PrecisionHawk has been making headlines in the drone space for years now, whether it’s because of a notable acquisition, their involvement with the FAA’s Drone Advisory Committee (DAC), or their efforts to help operators establish a drone business under Part 107. Since 2017, Michael Chasen has been driving many of these developments as the CEO, but the company made the headlines today for a much different reason with the announcement that James Norrod has been named as the company’s new Chief Executive Officer. Chasen will now lead PrecisionHawk’s advisory board and continue on as head of the DAC.

The December announcement of a $32 million investment in PrecisionHawk from venture investors made this news somewhat surprising, but that’s before considering Norrod’s background. Having served as the CEO of companies like Tellabs, Segway and Infinite Power Solutions, he has helped numerous organizations transition into a totally different phase. While he’ll be relying on that experience as the new CEO, he made sure to highlight that his goal at PrecisionHawk is more about building on the foundation that has already been established for the company, rather than seeing it totally transform.  

"You bring a new CEO in for all kinds of different reasons, but as everyone knows, Michael has done a phenomenal job getting us to where we are with revenue,” Norrod told Commercial UAV News. “The next move for this company is to focus on the bottom-line operational efficiencies, as we want to make sure that, for as fast as we're growing, we’re also paying close attention to the bottom line. With a company like PrecisionHawk, you have to prioritize the interests of investors, employees, customers and the environment. And I have a lot of experience with that."

Norrod made sure to highlight that he’s not looking to do anything fundamentally different from a strategic standpoint. PrecisionHawk will still be focused on data collection and their network of drone pilots. Investments in tools like PrecisionAnalytics will continue, as the emphasis for the company is around helping their customers derive actionable intelligence from data gathered by drone or any other device.

Norrod’s previous experiences will likely help shape the differences he plans to make for the company though, and it’s telling to consider how that played out in the personal-transportation industry when he was the CEO of Segway. Today, we think of a Segway as a two-wheeled motorized personal vehicle, but the electric scooters that are now spread across major cities were developed in a Segway lab. Additionally, the merger of Segway and Ninebot has turned those two companies into a valuable enterprise. That’s just a quick illustration of how markets and companies can develop in ways that no one could have envisioned, which makes Norrod’s perspective and position a vital one for PrecisionHawk and the entire drone industry.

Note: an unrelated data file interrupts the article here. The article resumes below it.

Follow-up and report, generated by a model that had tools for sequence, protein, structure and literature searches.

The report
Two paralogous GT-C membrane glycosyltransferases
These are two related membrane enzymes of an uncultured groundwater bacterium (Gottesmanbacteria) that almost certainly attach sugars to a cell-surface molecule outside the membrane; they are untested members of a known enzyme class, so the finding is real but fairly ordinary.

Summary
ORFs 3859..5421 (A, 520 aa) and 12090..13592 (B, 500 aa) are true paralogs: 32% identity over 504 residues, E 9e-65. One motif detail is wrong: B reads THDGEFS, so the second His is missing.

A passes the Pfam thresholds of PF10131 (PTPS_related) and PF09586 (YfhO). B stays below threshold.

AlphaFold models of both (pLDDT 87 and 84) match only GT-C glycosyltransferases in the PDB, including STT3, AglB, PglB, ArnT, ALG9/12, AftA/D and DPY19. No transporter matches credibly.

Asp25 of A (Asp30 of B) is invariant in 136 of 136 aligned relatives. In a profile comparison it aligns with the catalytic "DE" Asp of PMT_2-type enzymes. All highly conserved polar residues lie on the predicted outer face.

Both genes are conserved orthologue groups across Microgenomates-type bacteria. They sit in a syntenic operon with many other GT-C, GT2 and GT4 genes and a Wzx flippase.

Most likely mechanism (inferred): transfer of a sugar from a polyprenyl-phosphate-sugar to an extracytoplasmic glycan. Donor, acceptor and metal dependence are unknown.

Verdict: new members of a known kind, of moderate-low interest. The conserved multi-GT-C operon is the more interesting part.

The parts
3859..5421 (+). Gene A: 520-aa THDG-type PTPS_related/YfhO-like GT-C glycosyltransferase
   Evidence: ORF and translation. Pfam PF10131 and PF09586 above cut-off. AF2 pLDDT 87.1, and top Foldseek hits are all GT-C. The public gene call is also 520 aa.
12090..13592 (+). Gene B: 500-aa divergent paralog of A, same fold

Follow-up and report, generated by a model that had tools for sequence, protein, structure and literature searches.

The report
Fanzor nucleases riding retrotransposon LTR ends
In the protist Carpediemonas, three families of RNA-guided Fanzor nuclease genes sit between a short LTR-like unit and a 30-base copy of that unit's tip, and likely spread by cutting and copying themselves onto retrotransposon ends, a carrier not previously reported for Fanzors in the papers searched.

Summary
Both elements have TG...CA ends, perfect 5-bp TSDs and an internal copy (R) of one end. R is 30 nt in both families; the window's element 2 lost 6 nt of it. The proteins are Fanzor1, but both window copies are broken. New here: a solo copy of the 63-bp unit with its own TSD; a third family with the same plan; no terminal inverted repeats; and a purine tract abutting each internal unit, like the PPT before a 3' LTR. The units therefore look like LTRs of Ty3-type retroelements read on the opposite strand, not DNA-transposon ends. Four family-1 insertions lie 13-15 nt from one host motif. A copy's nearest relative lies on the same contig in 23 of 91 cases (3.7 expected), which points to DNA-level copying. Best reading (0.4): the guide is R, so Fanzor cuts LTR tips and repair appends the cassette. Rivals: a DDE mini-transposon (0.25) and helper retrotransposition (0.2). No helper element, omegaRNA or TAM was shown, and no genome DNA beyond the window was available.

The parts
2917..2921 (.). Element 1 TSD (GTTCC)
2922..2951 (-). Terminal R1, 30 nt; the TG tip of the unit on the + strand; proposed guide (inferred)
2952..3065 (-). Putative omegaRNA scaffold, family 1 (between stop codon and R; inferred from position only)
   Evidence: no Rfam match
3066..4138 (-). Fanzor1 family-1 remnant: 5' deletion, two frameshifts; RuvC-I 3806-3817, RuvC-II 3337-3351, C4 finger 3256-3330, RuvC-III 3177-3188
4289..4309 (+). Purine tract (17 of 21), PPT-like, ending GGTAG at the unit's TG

“If you look back at my time as CEO of Segway, I think there are a lot of similarities with PrecisionHawk,” Norrod said. “Just like what happened there, PrecisionHawk is not going to look like it does today in five years, and that's a good thing. For companies working in these environments, the shortest distance between two points is not always a straight line. It requires left turns, right turns and even U-turns to get to where you want to go. There are a lot of things we're going to spin out in the future that will really build value in the business.”

Building that value speaks to the maturation of drone technology and the entire market. Operators and organization are more focused on the bottom line reality rather than potential, all of which speaks to the approach Norrod is taking for PrecisionHawk internally and externally.

“Companies have come and gone in this space,” Norrod continued. “It's seen a lot of change. We want to be the leader in this area, and fortunately for us, our investors have supported us to get to this space, and now is the time to take it to that next level. To me, that next level is to show the world that we can continue the growth we’ve enjoyed while also being the leading provider of actionable intelligence for the enterprise with their physical assets.”

What that will look like for operators and asset owners in industries that range from agriculture to energy to utilities continues to be a priority for PrecisionHawk. With Norrod as the new CEO, it will be telling to see how those distinctions are quantified and how they evolve to define the future of the company and for the entire drone industry.